Sanders hopes to meet Pope… but hasn’t been invited
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Sanders hopes to meet Pope… but hasn’t been invited

Ahead of Vatican conference he’s attending, Democratic candidate, who is Jewish, calls himself ‘a big fan’ of pontiff; Rome says no meeting with Francis planned

Democratic presidential candidate Sen. Bernie Sanders (D-VT) holds a rally outside his childhood home in Flatbush on April 8, 2016 in the Brooklyn borough of New York City. (Eric Thayer/Getty Images/AFP)
Democratic presidential candidate Sen. Bernie Sanders (D-VT) holds a rally outside his childhood home in Flatbush on April 8, 2016 in the Brooklyn borough of New York City. (Eric Thayer/Getty Images/AFP)

NEW YORK — Democratic White House hopeful Bernie Sanders said Friday he hopes to meet Pope Francis while attending a conference on social and environmental issues at the Vatican next week. But a senior Vatican official quoted by Bloomberg accused the senator of “monumental discourtesy” in seeking an invitation to see the pope that puts a political cast on the gathering. And the Vatican said no meeting with Francis was planned.

Sanders said Friday he was “very excited” to have been invited to the conference. But the president of the pontifical academy hosting it said Sanders “didn’t follow proper protocol — he failed to contact her office — and that his presence threatens to make the event political,” Bloomberg reported.

“Sanders made the first move, for the obvious reasons,” Margaret Archer, president of the Pontifical Academy of Social Sciences, told Bloomberg. “He may be going for the Catholic vote but this is not the Catholic vote and he should remember that and act accordingly — not that he will.”

However, the academy’s chancellor later said he had arranged the invitation. And Sanders’ spokesman Michael Briggs said Archer’s account was “categorically untrue. The invitation came to the senator from the Vatican.”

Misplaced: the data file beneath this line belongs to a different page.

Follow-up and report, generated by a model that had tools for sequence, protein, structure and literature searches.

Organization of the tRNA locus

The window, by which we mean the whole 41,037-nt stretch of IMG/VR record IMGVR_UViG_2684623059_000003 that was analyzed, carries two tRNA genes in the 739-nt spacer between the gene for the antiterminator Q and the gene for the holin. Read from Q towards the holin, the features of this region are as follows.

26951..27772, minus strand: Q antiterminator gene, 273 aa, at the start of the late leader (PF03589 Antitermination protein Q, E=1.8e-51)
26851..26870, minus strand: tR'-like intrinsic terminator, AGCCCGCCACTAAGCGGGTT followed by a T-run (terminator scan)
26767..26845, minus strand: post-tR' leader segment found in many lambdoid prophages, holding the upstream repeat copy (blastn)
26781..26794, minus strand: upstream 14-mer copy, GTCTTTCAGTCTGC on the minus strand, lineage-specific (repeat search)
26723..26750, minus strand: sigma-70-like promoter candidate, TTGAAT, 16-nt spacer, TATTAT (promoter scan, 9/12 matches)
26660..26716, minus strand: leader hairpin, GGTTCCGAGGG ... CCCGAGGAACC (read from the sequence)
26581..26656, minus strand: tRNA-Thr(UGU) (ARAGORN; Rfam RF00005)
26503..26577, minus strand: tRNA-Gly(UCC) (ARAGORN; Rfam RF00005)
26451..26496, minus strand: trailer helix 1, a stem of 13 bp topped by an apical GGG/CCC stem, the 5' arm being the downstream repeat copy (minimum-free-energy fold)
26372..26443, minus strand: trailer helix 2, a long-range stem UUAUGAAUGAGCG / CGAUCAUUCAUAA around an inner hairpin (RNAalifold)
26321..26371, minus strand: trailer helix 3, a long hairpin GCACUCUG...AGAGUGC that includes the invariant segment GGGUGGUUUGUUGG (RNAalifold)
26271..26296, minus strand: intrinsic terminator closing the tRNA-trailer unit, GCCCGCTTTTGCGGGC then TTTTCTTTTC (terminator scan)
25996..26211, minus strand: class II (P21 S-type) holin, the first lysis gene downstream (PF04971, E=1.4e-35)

The Vermont senator said he was “very moved” by an invitation to join the April 15 Pontifical Academy of Social Sciences meeting, which will see him take a break from a bruising US presidential campaign.

Vatican spokesman Federico Lombardi confirmed Sanders had been invited to the conference, but told AFP that it “has nothing to do with the pope” and that no meeting with Francis is planned.

In New York, Sanders told MSNBC that he was “a big, big fan of the pope.”

Pope Francis leads a prayer vigil at St. Peter's Square in the Vatican, April 2, 2016. (AFP/Vincenzo Pinto)
Pope Francis leads a prayer vigil at St. Peter’s Square in the Vatican, April 2, 2016. (AFP/Vincenzo Pinto)

“Obviously there are areas where we disagree, on women’s rights or gay rights, but he has played an unbelievable role, an unbelievable role of injecting a moral consequence into the economy,” Sanders told the channel.

He later told reporters that it was “a possibility” that he would meet Francis, but acknowledged that nothing was currently scheduled.

“It’s something that I very much would like to do. The pope’s schedule is determined by the Vatican, but I would certainly be enthusiastic about that.”

Sanders, who is Jewish but whose wife is Catholic, has frequently expressed respect for Francis, who was treated to a rock-star reception on an inaugural tour of the United States last year.

The longest-serving independent member of Congress and self-declared democratic socialist is a champion of the struggling working class, and rails against the influence of big banks and billionaires.

“We can not, as the pope often tells us, simply be worshippers of greed and money,” he told reporters Friday.

“We’ve got to create an economy that works for all people and not just the few.”

The Pontifical Academy of Social Sciences was established by Pope John Paul II in 1994 to promote the study and progress of economics, sociology, law and political science.

Other conference invited attendees include Ecuador’s President Rafael Correa and Bolivian President Evo Morales, the organizers said.

According to the RealClearPolitics poll average, Sanders trails Democratic frontrunner Hillary Clinton 42.5 to 53.5 percent in the April 19 New York primary, the next key battleground in the US presidential race.

Sanders, who was born and raised in Brooklyn, needs a win in Clinton’s adopted home state to help keep alive his dreams of the White House.

Catholics are the largest single religious group in New York state.

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